Berrien County Sheriff’s Department initiates impaired driving enforcement campaign
BERRIEN COUNTY — The Berrien County Sheriff’s Office is partnering with the Office of Highway Safety Planning to get impaired drivers off the roads and help save lives.
The high visibility national enforcement campaign, “Drive Sober or Get Pulled Over” runs from Oct. 18 through Nov. 4. During this period, just like at any other time, local law enforcement will show “zero tolerance” for impaired driving.
Increased state and national messages about the dangers of driving impaired, coupled with enforcement and increased officers on the road, aim to drastically reduce impaired driving on the nation’s roadways.
Those who plan on enjoying fall activities like tailgating and football games should plan for a sober driver to get them home safely.
During this two-week enforcement period, law enforcement officers from approximately 100 agencies in Michigan will be on the lookout for impaired drivers.
In 2016, an average of one person was killed in a drunk-driving crash every 50 minutes in this country. Thus 10,497 individuals were killed in 2016 in drunk driving crashes nationwide.
Between 2011 and 2016, the month of October in Michigan saw the third highest number of alcohol-involved fatal crashes. And the fourth highest number for drug involved fatal crashes.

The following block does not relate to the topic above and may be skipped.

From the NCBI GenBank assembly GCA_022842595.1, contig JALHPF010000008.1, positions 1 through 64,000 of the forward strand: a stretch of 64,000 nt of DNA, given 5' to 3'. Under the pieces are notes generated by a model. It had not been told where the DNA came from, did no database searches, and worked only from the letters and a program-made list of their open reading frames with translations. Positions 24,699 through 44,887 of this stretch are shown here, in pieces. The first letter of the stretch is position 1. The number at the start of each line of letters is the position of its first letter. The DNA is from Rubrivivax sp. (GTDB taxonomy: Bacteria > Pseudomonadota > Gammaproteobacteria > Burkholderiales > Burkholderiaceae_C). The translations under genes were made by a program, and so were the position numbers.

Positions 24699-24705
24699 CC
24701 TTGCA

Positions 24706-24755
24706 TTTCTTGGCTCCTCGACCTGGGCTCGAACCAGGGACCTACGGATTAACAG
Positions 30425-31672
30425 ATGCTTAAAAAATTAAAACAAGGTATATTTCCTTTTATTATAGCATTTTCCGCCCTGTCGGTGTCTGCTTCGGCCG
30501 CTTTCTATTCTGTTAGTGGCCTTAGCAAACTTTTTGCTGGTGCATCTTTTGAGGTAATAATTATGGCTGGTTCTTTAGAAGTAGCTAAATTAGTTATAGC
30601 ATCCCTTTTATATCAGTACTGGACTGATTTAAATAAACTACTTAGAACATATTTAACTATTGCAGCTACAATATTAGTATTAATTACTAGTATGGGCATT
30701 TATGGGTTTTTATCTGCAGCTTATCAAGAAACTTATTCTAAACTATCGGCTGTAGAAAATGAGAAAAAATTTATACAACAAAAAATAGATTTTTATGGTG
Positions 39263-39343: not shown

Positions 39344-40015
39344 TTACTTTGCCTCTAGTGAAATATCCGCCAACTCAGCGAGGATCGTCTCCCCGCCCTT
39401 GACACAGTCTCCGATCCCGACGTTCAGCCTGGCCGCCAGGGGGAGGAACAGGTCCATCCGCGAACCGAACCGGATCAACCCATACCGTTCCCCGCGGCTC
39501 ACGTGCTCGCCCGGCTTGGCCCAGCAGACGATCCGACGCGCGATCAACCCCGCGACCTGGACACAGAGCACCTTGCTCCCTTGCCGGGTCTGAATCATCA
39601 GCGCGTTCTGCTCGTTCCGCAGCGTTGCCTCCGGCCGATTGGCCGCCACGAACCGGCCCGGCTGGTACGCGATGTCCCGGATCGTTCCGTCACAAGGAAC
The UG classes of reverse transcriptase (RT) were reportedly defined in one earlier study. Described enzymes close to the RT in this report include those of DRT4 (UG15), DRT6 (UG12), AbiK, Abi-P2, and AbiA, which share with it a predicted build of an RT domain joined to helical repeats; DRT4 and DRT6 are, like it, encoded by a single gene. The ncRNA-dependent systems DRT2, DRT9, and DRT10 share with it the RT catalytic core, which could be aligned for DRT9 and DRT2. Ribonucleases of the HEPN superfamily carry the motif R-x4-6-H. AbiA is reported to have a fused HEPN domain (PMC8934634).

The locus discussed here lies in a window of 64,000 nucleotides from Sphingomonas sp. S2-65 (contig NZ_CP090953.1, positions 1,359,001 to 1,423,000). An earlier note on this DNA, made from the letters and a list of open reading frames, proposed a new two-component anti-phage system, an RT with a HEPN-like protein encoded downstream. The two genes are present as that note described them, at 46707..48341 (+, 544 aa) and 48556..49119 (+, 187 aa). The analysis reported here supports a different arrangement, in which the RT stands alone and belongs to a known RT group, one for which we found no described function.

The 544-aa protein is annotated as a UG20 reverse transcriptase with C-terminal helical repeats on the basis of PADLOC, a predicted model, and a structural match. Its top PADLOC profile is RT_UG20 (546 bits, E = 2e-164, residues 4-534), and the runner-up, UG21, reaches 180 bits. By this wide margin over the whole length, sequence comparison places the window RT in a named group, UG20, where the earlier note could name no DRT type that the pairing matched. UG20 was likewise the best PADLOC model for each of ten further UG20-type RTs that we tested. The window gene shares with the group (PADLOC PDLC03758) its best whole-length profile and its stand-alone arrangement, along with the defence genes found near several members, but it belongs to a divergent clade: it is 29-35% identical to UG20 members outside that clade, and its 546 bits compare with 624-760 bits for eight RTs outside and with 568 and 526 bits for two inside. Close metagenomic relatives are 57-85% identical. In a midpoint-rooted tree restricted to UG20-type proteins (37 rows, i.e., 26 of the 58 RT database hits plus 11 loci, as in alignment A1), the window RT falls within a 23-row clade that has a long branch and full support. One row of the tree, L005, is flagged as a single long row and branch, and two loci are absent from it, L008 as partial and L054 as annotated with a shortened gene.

In Michigan, and in every state, it is illegal to drive with a Blood Alcohol Content of .08 or higher.
Impaired driving represented 45.7 percent of all traffic fatalities in 2017.
In 2017, there were 470 alcohol and drug related traffic crash fatalities in Michigan.
A national roadside survey of alcohol and drug use by driver found that nearly one in four weekend drivers tested positive for at least one drug that could affect driving skills. Make a plan to get home safely, authorities said.
A Driving while Impaired conviction can cost $10,000 in attorney fees, fines, repairs, and lost time at work.
In Michigan, a first-time offender convicted of impaired driving faces up to 93 days in jail, up to a $500 fine, up to 360 hours of community service, six points on a driver’s license, and up to 180 days with a suspended license, restricted license possible after 30 days.
Anyone who refuses a breath test is given a one-year driver’s license suspension.
The extra enforcement is paid for with federal traffic safety funds administered by the Michigan Office of Highway Safety Planning.
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